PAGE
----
Once again, God’s gracious Word of warning, His call to repentance, has gone forth.  We do not know when that day will come, but it is coming.  You can smell it in the air.  Once again, He has reminded me through the sore muscles of the first snow fall, and the buried bags of fall leaves, that maybe I’m not as ready as I ought to be.  But by His grace I can be ready, not only for the storm that is coming, but for the spring that will follow!

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Sometimes We Get It …

Only in Canada.  Last week the Canadian public was surprised to hear that one of our feature reporters for the CBC National news program had been kidnapped in Afghanistan a month before.  It was only upon Melissa Fung’s release that the public heard anything.  For the entire month she was being held for ransom, the story was reported.

It did my heart good.  You see, sometimes even this sinful world of ours “gets it”.  Rather than exploit the fate of this poor reporter for the bang of a great story, the exec’s at CBC asked for all media to NOT report the story, seeking instead the well-being of their employee.  They held off on their industry’s natural inclinations to find the great story for the sake of someone else.  Amen.

Melissa herself, on the day she was released, (and in typical Canadian style) was overheard to say to the representatives of the Afghan government who worked so hard to secure her release that she was sorry for causing them so much trouble.  Again, despite what she had been through her initial concern was for the well-being of others.  Further, when pressed by them to give details of how she was mistreated, she also commented that those who had abducted her treated her well throughout.  She did not condone their actions, but she did not allow them to be unfairly vilified either.  Again, Amen.

Sometimes we do indeed “get it”.

“The second commandment is like unto it.  Love your neighbour as yourself” Jesus said.  In a world where everything runs on the idolization of the self, it is refreshing to see glimmers of this golden rule shine through.  In a world that is reeling from the effects of unregulated greed and self-serving attitudes, both in the social and economic spheres, how can you not help but feel a glimmer of hope when God’s truth peeks out of people’s words and actions?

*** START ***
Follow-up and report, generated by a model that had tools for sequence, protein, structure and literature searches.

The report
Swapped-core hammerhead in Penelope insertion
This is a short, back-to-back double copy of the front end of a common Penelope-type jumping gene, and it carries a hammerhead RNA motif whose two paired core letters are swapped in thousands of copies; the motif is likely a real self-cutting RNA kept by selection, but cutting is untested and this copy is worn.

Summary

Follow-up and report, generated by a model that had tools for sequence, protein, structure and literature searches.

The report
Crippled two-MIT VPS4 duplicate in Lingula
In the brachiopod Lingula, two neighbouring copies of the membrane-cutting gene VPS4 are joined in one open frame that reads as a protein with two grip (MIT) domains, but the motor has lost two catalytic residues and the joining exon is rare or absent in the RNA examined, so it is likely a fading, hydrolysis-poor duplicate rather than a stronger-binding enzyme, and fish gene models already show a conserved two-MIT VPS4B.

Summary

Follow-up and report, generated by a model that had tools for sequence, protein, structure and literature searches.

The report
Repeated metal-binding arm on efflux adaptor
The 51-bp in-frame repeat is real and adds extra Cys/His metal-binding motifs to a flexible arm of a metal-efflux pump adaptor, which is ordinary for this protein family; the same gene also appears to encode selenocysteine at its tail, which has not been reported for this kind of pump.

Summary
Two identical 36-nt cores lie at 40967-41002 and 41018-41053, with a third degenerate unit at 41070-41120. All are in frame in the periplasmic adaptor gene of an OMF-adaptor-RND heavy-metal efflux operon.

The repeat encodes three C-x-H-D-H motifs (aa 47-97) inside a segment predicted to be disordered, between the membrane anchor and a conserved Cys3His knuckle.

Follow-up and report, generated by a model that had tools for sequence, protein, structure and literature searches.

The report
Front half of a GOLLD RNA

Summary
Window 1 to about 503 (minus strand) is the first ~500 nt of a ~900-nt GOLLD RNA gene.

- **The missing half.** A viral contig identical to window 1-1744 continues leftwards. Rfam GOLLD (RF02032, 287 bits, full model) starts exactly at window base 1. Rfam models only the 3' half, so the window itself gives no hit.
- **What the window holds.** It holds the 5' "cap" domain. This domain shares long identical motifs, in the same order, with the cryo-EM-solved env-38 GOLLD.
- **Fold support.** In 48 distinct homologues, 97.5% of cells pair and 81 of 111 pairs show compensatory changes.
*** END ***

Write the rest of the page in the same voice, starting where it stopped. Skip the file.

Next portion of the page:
Well, that was a week ago, and since the news broke, the story has been exploited to the full.  Everyone from the boss down to the reporter has been hailed, congratulated, and interviewed.  Everything is back to normal so to speak.  But I won’t let it get me down.  God’s law is indeed written upon people’s hearts.  Every so often He shows us again.  And where the Law has its say in the words and actions of even sinful people the Gospel can then do its work … and people get to see what “it” is all about – a God who loves us so much that He put us before Himself, refusing to vilify us, but doing everything needed to procure not a great story, but our rescue from sin, death, and the devil.
Sometimes we “get it” but often we don’t.  For now I will happily wait for the next pleasant surprise.

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The Politics of Good and Evil

OK, I promised myself I wasn’t going to say anything, but after my Canadian News being hijacked for the fourth straight night with one feel-good Obama story after another (to the exclusion of any other possible news in this world) I just have to get this off my chest.

What bothers me in all this never-ending hype over the American election is the nagging question that I’m left with having watched it all unfold. When did this world’s our sense of the divine become so stunted, so clouded, so myopic, that we look for both our satans and our saviours in the very human political leaders of one nation of this earth? Over the months and years leading up to this election, the fervor has grown steadily not only in the USA, but here in my country of Canada and around the whole world it seems. It is the struggle between all that is good in this world and all that is wrong with it, light and dark, death and life. (I only wish I were exaggerating any of this!). The religious intensity with which so many have viewed and engaged this political process is truly startling.